Makin' Money

The high cost of quality child care

Chris Farrell Apr 4, 2011

Millions of Americans are among the “working poor.” They have jobs, yet earn so little that they live at or below the government’s official poverty line. Even more families are among the “near poor.” These families have incomes above the poverty line, but may be just one car repair or broken leg away from poverty. Many middle class families are struggling these days to maintain their homes and their dream of sending their children to college. Economic and financial insecurity is widespread.

A recent study tries to tabulate the threshold requirements for basic economic security over a lifetime for a variety of families, from single workers to two-income couples with children. The Basic Economic Security Tables offers a series of baseline measurements that include everything from income to emergency savings to retirement assets. The data is for 2010.

I want to highlight one striking expense from the report for families with children: The high cost of quality child care. It’s a striking personal finance story:

The high cost of quality child care is the greatest threat to many families’ security, and in many places across the country, the cost of child care threatens a second parent’s ability to work and increase family income. In most families with two or more young children, child care is the largest expense.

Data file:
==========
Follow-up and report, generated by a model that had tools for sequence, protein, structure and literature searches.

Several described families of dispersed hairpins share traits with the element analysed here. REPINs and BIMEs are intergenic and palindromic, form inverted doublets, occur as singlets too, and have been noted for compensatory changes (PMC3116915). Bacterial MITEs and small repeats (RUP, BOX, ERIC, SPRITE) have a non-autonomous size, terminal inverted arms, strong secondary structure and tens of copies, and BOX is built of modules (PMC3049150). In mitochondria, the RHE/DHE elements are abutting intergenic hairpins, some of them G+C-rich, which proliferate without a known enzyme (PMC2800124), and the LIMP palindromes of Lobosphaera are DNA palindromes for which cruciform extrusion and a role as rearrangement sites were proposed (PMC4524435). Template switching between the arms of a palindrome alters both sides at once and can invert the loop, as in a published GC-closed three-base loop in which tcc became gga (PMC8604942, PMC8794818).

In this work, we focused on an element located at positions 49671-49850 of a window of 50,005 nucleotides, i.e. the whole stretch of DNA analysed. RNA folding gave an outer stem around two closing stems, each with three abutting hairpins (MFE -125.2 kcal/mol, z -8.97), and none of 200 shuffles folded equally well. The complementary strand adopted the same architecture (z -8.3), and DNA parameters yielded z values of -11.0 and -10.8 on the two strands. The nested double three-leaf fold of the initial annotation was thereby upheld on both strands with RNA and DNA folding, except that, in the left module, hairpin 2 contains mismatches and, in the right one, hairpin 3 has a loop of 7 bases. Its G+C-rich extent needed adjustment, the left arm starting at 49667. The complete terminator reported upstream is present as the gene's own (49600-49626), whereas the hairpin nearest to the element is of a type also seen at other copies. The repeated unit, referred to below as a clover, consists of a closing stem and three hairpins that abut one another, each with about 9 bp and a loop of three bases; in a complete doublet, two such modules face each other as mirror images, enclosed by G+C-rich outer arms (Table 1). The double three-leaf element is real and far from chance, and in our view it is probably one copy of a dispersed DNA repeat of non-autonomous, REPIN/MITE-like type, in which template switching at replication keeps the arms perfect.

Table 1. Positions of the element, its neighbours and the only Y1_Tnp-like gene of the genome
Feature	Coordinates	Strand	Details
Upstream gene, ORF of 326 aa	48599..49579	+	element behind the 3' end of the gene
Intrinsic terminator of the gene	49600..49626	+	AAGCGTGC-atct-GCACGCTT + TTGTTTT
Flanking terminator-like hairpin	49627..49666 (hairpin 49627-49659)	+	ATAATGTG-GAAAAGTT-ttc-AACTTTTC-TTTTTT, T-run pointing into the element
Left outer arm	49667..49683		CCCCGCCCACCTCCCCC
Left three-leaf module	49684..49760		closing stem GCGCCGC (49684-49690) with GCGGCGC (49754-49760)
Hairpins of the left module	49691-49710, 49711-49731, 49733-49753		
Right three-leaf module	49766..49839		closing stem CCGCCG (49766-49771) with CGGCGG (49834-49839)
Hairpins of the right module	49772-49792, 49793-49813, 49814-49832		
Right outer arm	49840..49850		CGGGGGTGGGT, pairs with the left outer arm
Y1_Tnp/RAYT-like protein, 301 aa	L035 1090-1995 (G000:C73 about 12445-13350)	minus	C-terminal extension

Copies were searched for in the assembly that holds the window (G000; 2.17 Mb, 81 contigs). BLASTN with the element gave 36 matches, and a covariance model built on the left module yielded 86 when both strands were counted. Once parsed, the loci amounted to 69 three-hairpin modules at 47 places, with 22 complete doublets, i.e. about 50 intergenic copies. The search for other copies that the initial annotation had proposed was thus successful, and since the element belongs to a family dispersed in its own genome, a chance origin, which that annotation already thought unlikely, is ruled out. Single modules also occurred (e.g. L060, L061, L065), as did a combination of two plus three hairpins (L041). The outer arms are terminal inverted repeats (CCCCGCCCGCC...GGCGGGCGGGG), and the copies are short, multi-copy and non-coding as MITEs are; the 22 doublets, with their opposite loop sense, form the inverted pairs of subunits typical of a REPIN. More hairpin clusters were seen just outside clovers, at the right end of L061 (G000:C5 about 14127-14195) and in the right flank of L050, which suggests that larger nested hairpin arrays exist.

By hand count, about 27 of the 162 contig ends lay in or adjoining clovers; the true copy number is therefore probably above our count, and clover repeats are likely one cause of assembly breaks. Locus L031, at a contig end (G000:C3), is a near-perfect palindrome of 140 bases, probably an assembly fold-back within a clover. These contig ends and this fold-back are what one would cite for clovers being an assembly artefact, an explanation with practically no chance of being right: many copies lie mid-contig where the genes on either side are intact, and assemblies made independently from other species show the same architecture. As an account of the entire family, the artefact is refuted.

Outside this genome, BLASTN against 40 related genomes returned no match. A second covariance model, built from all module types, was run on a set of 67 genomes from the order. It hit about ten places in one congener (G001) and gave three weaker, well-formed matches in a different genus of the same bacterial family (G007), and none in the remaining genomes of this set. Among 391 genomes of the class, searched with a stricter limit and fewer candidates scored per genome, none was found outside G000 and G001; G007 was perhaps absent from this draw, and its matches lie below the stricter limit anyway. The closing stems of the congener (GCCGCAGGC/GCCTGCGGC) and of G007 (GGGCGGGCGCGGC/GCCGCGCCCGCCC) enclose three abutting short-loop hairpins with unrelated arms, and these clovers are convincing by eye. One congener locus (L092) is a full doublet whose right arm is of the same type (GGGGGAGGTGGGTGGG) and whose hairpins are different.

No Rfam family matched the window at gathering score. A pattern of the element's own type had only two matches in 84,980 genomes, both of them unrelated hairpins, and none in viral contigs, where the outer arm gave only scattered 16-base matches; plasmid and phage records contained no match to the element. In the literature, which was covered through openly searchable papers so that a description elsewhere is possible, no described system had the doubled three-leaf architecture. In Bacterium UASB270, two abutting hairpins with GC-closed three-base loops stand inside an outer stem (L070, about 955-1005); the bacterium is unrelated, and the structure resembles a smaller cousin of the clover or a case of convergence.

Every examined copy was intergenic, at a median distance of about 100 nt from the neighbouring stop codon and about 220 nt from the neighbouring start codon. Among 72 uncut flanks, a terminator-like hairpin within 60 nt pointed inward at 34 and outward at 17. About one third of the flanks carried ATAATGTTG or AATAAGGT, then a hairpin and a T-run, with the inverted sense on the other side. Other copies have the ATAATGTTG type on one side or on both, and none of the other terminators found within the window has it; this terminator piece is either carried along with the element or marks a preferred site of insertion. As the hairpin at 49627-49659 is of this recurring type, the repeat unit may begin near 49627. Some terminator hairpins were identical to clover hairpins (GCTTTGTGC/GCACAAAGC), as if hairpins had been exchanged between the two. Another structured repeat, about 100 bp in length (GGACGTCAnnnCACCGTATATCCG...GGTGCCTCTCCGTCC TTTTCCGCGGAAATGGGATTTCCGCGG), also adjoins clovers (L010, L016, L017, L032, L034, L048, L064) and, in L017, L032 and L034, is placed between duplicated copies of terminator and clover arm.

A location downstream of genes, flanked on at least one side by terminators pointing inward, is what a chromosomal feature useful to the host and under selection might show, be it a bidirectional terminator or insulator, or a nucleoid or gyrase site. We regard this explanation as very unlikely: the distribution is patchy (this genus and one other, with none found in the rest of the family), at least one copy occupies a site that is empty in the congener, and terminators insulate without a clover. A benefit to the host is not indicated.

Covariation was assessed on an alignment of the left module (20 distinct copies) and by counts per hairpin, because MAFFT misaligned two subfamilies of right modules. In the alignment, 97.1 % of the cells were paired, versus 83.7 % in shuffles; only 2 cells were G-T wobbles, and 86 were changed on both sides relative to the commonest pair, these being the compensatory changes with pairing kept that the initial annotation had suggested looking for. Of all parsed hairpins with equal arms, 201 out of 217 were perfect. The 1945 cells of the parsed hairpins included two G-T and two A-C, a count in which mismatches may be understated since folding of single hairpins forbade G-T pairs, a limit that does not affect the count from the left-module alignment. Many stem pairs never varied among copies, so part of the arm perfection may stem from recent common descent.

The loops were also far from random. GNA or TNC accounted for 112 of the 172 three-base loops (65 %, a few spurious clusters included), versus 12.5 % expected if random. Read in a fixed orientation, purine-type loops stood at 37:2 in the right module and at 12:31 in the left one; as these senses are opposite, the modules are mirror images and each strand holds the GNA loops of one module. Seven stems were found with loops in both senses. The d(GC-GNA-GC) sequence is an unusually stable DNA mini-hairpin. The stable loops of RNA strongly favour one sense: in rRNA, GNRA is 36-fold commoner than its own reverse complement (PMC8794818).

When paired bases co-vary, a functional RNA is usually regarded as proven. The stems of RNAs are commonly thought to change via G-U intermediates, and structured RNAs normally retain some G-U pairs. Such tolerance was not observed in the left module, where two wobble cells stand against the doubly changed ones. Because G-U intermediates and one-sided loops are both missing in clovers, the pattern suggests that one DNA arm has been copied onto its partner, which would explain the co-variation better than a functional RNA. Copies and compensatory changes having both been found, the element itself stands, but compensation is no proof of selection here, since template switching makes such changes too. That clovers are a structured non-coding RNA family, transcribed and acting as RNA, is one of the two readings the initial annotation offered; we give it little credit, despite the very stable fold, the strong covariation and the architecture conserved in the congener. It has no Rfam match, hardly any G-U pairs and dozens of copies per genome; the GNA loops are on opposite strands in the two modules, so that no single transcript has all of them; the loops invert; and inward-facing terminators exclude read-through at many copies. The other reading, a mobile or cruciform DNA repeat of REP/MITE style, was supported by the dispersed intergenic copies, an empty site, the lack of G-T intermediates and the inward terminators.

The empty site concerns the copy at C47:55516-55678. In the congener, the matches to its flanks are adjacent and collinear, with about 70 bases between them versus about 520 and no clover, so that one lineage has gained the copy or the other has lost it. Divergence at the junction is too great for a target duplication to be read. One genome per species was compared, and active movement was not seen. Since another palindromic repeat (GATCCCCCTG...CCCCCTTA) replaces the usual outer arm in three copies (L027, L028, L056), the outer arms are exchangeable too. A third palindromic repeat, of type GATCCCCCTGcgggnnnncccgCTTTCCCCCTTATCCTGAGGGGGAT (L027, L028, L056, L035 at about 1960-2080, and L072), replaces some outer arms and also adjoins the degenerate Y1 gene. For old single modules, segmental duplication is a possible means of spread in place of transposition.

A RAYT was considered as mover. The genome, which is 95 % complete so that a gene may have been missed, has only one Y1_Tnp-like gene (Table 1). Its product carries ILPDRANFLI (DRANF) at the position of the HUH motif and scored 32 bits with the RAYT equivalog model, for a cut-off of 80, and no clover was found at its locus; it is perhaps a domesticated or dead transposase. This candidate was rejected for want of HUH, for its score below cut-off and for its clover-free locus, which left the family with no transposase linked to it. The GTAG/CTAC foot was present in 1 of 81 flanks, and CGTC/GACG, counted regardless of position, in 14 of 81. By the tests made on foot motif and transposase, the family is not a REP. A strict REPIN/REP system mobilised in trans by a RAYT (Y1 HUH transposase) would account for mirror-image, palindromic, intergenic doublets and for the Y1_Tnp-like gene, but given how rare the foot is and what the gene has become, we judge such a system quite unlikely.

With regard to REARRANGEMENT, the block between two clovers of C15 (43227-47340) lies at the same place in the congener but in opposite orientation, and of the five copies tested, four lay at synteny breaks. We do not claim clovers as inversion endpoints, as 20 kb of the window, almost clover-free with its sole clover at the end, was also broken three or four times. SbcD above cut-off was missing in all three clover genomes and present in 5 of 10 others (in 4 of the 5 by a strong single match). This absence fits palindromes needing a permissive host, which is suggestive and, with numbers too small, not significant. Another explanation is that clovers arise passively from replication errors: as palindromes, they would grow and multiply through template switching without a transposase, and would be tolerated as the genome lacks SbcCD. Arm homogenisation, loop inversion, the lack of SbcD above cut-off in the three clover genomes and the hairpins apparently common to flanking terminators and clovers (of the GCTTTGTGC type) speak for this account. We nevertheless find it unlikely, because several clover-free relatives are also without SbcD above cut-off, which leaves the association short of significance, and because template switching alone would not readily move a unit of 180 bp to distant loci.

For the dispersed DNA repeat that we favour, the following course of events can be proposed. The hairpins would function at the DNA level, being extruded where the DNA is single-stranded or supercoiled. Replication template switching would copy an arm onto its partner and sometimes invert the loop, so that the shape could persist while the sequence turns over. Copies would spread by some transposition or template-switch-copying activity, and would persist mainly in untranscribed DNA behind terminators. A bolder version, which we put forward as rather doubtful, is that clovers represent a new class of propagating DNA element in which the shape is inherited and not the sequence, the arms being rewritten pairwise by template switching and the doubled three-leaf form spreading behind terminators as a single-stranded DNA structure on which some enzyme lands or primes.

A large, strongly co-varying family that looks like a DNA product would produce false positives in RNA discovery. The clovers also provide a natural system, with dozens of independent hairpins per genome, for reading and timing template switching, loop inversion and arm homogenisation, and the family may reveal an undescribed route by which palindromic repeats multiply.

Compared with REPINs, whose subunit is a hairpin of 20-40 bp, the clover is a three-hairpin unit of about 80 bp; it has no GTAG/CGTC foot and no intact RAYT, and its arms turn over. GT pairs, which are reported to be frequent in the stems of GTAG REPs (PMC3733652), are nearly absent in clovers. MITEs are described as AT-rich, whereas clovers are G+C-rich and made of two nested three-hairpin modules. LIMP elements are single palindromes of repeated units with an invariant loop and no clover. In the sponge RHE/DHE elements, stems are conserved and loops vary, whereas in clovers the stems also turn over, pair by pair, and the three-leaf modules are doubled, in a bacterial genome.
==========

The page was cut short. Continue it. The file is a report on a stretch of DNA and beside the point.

Here’s a budget breakdown of expenses for a worker on the edge of economic security, with no children:

Expenses, 2010 Percent budget

Housing 28%
Transportation 20%
Net taxes 14%
Personal & Household items 12%
Food 10%
Utilities 6%
Health care 5%
Emergency savings 3%
Retirement savings 3%

The comparable table for 1 worker with 1 preschooler child and 1 schoolchild:

Expenses, 2010 Percent budget

Child care 22%
Housing 17%
Net taxes 13%
Food 11%
Transportation 11%
Personal & Household items 9%
Health care 8%
Utilities 4%
Emergency savings 3%
Retirement savings 2%

The study calculates that a family with two preschoolers that meets the basic economic security measure pays $1,280 a month for quality child care. Thanks to the cost of child care, the income needs of a 1-worker family with two preschoolers is almost as high as for a 1-worker family with five teenagers. (Teenagers don’t require care.)

The study is a joint venture among Wider Opportunities for Women, a nonprofit, the Center for Social Development at Washington University, and the School of Social Work-University at Buffalo, SUNY.

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